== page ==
Feedbacks are collected from the beta testers to improve the app according to the end-user viewpoint. Suggestions by the beta testers are collected for improvement in future releases.
Step 5: Closure
Beta testing comes to closure once all the features are working fine, fixed bugs are patched and application is good to release in the market for end-users. Decided Incentives and rewards are distributed to the beta testers and formal closure of the testing is done from both sides keeping good relations for the future.
Advantages of beta testing
- You have the opportunity to get your application into the hands of users prior to releasing it to the general public.
- Users can install, test your application, and send feedback to you during this beta testing period.
- Your beta testers can discover issues with your application that you may have not noticed, such as confusing application flow, and even crashes.
- Using the feedback you get from these users, you can fix problems before it is released to the general public.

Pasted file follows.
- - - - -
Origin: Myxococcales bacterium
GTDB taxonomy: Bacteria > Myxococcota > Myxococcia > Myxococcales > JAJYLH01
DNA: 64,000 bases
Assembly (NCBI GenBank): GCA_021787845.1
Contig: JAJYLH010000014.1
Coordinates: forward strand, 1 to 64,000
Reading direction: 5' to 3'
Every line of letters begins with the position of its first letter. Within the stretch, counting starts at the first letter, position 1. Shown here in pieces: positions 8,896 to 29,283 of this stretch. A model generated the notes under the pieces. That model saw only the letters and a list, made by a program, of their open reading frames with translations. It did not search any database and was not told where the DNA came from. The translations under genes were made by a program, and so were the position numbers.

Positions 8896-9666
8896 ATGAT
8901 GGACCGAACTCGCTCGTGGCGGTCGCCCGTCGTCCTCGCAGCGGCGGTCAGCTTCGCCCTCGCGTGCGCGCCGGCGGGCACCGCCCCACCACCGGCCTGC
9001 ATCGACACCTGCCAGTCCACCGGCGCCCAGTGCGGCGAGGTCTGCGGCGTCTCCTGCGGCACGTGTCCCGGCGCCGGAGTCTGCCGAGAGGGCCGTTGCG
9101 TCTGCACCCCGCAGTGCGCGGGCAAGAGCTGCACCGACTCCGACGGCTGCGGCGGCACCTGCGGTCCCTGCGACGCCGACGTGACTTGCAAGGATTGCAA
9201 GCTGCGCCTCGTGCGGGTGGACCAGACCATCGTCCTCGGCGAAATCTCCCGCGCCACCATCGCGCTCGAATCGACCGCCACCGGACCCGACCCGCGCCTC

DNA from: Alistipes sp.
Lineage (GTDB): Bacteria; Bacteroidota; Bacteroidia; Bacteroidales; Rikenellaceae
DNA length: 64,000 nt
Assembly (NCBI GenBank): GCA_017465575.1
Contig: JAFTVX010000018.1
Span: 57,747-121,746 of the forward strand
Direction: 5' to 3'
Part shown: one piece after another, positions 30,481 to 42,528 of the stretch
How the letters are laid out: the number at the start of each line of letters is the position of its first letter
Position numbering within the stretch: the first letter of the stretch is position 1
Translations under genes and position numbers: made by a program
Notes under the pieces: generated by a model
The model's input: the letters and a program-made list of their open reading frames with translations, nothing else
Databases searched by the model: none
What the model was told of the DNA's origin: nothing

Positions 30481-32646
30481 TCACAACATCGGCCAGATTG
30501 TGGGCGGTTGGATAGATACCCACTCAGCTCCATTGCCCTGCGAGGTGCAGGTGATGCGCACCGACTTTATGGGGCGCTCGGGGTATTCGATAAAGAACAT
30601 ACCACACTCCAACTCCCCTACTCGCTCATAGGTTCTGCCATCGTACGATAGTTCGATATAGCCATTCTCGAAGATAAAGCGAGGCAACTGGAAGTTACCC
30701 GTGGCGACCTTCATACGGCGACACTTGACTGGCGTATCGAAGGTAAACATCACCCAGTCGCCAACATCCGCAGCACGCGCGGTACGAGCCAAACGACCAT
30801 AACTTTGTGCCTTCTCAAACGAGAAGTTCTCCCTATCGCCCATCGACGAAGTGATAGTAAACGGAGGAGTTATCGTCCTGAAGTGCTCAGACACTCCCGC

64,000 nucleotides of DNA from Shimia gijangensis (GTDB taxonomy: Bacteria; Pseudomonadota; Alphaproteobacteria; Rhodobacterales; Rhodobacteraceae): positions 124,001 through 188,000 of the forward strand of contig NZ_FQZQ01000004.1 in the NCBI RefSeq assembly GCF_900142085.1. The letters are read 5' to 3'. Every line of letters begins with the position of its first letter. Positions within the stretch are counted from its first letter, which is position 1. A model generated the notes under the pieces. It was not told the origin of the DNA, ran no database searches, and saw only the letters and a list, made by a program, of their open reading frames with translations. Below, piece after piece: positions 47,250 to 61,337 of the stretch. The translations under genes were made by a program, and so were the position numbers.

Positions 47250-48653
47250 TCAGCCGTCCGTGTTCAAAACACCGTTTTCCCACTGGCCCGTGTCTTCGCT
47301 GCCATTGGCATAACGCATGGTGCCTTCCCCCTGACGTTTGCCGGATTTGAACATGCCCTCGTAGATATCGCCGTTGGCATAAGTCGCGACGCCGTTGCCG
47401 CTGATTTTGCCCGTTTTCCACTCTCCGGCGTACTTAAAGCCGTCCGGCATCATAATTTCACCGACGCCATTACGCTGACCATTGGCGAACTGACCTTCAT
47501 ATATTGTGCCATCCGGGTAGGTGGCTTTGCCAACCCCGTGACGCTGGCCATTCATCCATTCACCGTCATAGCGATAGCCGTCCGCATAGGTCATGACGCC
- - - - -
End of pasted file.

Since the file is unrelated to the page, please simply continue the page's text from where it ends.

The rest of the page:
- The more issues you fix that solve real user problems, the higher the quality of your application when you release it to the general public.
- Having a higher-quality application when you release to the general public will increase customer satisfaction.
- These users, who are early adopters of your application, will generate excitement about your application.
Disadvantages of Beta testing
- The bug reporting of the identified bugs is not proper and systematic.
- The testing and test environment is not well defined and under control of the development team. It is often hard to reproduce the bugs because the testing environment differs from user to user.
- There are a lot of duplicate bugs in beta testing.
- If there are a lot of issues, this can cause negative publicity of the product as the person testing the software are end-users only with no obligation to the development team.